Patient Charts -There’s a saying in medicine – if you didn’t write it down, you didn’t do it. So, some sort of charting for your patients is in order. The government, of course, has all sorts of forms for this, some of which are actually useful. You can download government forms from
(Accessed 1 October 2016).

Some of the more useful ones include SF 88, SF 93, and some of the 500-series forms. You can download and print them out if they will be useful for you. You could also make your own if you want, on plain paper. You will need clip boards, pens, 3-ring binders, large envelopes and file folders. Some post-it notes might be useful as well as 3×5 and 4×6 index cards, all of which are commonly available. Don’t forget pens and pencils.

Tool and Supply Sources

As mentioned, many tools are commonly available at Wal-Mart, your local drug store, online at Amazon, Ebay, etc.

Other sources include some of the following online stores – I’ve purchased from them all. (All accessed on 16 May 2015).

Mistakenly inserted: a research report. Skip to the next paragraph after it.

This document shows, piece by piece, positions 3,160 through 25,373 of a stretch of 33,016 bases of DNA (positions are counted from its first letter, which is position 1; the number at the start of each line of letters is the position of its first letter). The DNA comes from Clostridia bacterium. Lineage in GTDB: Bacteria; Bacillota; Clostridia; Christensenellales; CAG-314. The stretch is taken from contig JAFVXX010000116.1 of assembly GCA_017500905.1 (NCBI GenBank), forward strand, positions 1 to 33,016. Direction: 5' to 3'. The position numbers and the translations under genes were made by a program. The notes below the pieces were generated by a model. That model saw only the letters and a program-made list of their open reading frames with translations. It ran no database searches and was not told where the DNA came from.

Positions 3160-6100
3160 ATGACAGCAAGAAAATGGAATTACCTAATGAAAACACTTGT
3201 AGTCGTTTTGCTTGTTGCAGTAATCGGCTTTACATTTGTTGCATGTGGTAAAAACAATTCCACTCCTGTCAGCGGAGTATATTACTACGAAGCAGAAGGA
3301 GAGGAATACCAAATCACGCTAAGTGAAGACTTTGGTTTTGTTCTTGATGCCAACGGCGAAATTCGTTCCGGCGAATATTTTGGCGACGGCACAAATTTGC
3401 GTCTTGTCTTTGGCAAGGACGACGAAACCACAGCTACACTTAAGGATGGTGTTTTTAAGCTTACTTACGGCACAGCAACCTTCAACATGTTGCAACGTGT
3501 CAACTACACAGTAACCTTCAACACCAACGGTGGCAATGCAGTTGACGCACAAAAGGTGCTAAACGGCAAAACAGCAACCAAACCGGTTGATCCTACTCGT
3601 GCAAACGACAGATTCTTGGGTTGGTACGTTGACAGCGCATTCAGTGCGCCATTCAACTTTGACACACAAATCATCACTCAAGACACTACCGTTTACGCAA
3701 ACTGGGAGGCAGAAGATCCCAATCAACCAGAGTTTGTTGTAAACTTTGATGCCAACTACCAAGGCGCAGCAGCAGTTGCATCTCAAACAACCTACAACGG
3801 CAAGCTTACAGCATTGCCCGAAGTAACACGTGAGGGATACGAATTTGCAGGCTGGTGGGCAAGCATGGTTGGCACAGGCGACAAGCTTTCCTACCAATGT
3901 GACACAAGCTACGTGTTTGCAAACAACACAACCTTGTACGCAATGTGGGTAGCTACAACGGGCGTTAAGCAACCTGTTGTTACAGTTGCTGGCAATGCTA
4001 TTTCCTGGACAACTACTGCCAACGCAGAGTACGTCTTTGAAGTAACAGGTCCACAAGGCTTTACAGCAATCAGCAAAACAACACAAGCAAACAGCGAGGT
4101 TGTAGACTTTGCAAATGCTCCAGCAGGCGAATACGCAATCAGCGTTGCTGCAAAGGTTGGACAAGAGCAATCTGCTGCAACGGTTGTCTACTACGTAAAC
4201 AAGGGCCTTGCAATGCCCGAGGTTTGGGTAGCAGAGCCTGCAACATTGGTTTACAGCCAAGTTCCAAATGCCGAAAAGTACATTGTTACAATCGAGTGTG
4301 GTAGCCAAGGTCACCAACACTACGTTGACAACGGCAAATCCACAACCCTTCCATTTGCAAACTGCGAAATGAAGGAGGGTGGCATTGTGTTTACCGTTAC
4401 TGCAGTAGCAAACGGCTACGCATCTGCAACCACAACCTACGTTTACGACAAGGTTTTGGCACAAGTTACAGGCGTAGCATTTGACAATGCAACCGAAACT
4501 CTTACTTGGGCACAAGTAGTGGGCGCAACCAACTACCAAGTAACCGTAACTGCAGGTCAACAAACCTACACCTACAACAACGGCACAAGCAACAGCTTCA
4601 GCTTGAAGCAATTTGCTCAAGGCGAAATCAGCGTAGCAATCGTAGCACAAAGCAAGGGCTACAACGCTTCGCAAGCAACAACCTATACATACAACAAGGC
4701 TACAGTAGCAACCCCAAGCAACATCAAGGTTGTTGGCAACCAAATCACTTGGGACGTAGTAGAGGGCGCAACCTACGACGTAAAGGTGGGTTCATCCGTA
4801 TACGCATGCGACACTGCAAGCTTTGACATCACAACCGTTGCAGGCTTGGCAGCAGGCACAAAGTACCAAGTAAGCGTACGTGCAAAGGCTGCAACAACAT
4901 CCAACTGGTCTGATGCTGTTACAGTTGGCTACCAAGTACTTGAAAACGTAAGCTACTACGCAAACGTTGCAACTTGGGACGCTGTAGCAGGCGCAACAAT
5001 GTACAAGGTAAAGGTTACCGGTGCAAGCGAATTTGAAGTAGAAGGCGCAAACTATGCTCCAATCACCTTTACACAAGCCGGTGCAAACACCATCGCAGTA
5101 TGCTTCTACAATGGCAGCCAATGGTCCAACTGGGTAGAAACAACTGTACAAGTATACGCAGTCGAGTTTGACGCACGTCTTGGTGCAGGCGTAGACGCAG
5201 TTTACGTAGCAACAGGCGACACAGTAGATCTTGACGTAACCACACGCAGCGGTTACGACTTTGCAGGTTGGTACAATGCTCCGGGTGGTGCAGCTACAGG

Government Surplus

Sometimes, if you know what you’re looking for you can buy US Government surplus. Generally the government isn’t getting rid of equipment that works well, that is complete, or is even safe to use so extreme caution is necessary.

The website is

Refer to the upcoming “Grid Down Hospital: Central Supply” for more tools and storage.

We will talk about what to do with this stuff in another article.

29 responses to “Grid Down Hospital: Part III – Tools

  1. Wow this series is great. Thanks for the information and all the links. As a RN and ex Medic I gave familiarity with most thus stuff, and that the author is spot on. I tip my hat to you.

  2. Pingback: WRSA Sends: The Grid Down Hospital /Continued – Mason Dixon Tactical

  3. Are these articles compiled on a website or just rolling through on WRSA?

  4. .

  5. Do you have much experience playing around with the cheap pulse ox readers? I am curious if they have the same range of accurate readings and pick up the heart beat waveform decently?